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Boyd v.

Werholtz et al

Doc. 3

Case 5:05-cv-03333-SAC

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Filed 08/16/2005

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RODNEY BOYD, Plaintiff, v. ROGER WERHOLZ, et al., Defendants. CASE NO. 05-3333-SAC

O R D E R Before the court is motion for a temporary restraining order or preliminary injunction, filed pro se by a prisoner

incarcerated in Dorado, Kansas. action.

El Dorado Correctional Facility (EDCF) in El Plaintiff did not submit a filing fee for this

The court first notes that plaintiff previously filed a habeas action under 28 U.S.C. 2254 to challenge his Kansas

conviction on grounds including the alleged ineffectiveness of trial counsel and the denial of due process in the exclusion of proffered evidence of the victim’s sexual history. See Boyd v.

Roberts, Case No. 03-3476-WEB (petition denied October 6, 2004). Petitioner’s appeal to the Tenth Circuit Court of Appeals is pending, and the in Circuit that Court granted See 28 a certificate 2253 of





standard for granting certificate of appealability). Plaintiff filed the instant action upon discovering he is scheduled to participate in a Sex Offender Treatment Program (SOTP), and that refusal to participate in this program will

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result in the loss of his more favorable custody level and various privileges. He filed the instant action to seek a court

order to prevent EDCF officials from requiring him to enter SOTP until his pending habeas appeal is resolved. To proceed in this civil action, plaintiff must pay the $250.00 district court filing fee, 28 U.S.C. 1914, or submit a motion for leave to proceed in forma pauperis, 28 U.S.C. 1915, which if granted will allow plaintiff to pay the district court filing fee over time. Plaintiff is advised that a preliminary injunction or

temporary restraining order is an extraordinary remedy, and the right to such relief must be clear an unequivocal. 1 such relief, the moving party must demonstrate To obtain (1) a


substantial likelihood exists that he will succeed on the merits; (2) he will suffer irreparable injury unless the retraining order issues; (3) the threatened harm to plaintiff outweighs whatever damage the proposed injunction may cause the opposing party; and (4) the temporary restraining order, if issued, would not be adverse to the public interest.2 See Country Kids ‘N City Slick,

See Chemical Weapons Working Group Inc. v. United States Department of the Army, 111 F.3d 1485, 1489 (10th Cir. 1997)(preliminary injunction is an extraordinary remedy, thus “the right to relief must be clear and unequivocal”); West v. Derby USD No. 260, 23 F.Supp.2d 1220, 1221-22 (D.Kan. 1998)(temporary restraining order “is an extraordinary and drastic remedy, one that should not be granted unless the movant, by clear showing, carries the burden of persuasion”). See McKune v. Lile, 536 U.S. 24 (2002)(operation of sex offender treatment program at Kansas correctional facility does not violate Fifth Amendment right against self incrimination; adverse consequences faced by state prisoner for refusing to make 2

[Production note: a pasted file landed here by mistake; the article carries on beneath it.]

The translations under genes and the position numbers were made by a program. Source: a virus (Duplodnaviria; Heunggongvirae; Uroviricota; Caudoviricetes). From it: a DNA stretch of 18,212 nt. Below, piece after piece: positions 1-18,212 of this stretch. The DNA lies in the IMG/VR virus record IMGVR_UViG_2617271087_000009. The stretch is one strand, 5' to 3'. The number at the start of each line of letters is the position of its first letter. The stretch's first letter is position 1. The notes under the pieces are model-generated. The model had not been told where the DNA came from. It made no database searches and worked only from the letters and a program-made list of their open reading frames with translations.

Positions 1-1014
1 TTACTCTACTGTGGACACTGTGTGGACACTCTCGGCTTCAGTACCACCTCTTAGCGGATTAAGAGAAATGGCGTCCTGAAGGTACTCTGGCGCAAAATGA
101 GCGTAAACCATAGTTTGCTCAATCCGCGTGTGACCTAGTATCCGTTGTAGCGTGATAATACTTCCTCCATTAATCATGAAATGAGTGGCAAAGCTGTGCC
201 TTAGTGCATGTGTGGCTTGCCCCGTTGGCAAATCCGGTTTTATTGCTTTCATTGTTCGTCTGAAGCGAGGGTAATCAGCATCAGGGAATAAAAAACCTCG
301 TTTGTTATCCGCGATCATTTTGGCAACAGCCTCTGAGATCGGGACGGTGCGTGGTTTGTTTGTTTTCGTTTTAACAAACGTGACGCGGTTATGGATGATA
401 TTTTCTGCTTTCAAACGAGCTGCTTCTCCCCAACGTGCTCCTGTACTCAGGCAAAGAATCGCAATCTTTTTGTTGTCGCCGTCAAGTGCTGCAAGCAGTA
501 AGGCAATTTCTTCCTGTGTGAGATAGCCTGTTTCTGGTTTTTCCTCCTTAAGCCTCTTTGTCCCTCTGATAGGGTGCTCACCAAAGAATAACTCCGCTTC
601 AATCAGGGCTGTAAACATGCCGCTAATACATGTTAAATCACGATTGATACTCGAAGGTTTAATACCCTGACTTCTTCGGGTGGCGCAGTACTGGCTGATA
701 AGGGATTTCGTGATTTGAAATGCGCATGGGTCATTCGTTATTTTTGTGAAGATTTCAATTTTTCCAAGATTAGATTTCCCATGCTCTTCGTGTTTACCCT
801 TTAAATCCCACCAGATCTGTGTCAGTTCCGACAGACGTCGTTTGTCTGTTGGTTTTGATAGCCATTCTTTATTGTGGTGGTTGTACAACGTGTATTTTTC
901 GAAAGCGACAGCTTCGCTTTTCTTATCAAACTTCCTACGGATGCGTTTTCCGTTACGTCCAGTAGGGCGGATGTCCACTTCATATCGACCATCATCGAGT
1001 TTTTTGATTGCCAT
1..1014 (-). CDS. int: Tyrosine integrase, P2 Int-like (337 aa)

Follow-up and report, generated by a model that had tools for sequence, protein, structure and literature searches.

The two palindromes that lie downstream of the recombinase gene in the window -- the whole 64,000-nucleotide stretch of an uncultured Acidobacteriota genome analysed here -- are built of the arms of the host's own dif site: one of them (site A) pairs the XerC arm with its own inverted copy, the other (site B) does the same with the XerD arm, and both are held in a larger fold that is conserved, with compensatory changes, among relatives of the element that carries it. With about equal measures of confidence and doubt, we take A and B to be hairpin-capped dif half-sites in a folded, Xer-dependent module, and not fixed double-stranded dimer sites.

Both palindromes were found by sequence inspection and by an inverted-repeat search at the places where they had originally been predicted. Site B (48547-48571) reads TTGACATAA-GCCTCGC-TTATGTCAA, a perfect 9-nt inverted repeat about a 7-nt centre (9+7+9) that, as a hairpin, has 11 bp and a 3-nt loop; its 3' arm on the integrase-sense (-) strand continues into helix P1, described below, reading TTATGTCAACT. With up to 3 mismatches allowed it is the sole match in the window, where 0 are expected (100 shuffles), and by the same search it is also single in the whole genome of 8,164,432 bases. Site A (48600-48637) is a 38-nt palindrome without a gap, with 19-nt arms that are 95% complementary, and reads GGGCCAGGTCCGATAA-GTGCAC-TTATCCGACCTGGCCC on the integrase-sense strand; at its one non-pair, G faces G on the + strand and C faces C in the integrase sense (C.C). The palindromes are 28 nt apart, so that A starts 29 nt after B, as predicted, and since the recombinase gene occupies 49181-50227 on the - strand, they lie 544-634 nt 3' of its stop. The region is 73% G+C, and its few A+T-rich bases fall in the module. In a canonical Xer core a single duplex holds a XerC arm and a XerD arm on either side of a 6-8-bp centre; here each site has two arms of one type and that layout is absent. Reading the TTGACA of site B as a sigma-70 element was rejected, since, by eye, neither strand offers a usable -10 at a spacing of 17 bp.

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Inc. v. Sheen, 77 F.3d 1280, 1283 (10th Cir. 1996); Lundgrin v. Claytor, 619 F.2d 61, 62 (10th Cir. 1980). exhaustion of administrative remedies is required. See 42 U.S.C. 1997e(a)("No action shall be Additionally, full

brought with respect to prison conditions under section 1983 of this title, or any other Federal law, by a prisoner confined in any jail, prison, or other correctional facility until such administrative remedies as are available are exhausted.") See

also Steele v. Federal Bureau of Prisons, 355 F.3d 1204, 1210 (10th Cir. 2003)(pleading requirement imposed by 1997e(a)

requires a prisoner to attach a copy of applicable administrative dispositions to the complaint, or to "describe with specificity the administrative proceeding and its outcome"), cert. denied 125 S.Ct. 344 (2004). Alternatively, plaintiff can proceed instead by filing a motion in his federal habeas action to seek a stay or injunction pending his appeal in his habeas action. See Fed.R.App.P.

8(a)(1)(A) (motion for stay of judgment or order of district court pending appeal must ordinarily first be filed in the

district court). motion.

No filing fee obligation attaches to such a

See United States v. Simmonds, 111 F.3d 737 (10th Cir.

1997)(fee obligations in 28 U.S.C. 1915 as amended by Prison Litigation Reform Act on April 26, 1996, do not encompass state habeas actions filed under 28 U.S.C. 2254, or appeals therefrom). IT IS THEREFORE ORDERED that plaintiff is granted twenty (20)

admissions required for participation in sexual abuse treatment program were not so severe as to amount to compelled self-incrimination). 3

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days to submit the $250.00 district court filing fee or an executed form motion for seeking leave to proceed in forma

pauperis under 28 U.S.C. 1915.

Alternatively, plaintiff may

voluntarily withdraw his motion and instead file a motion for stay or preliminary injunction, Fed.R.App.P. 8, in his habeas action, Case No. 03-3476-WEB. The clerk’s office is to provide plaintiff with a form motion under 28 U.S.C. 1915. IT IS SO ORDERED. DATED: This 16th day of August 2005 at Topeka, Kansas.

s/ Sam A. Crow SAM A. CROW U.S. Senior District Judge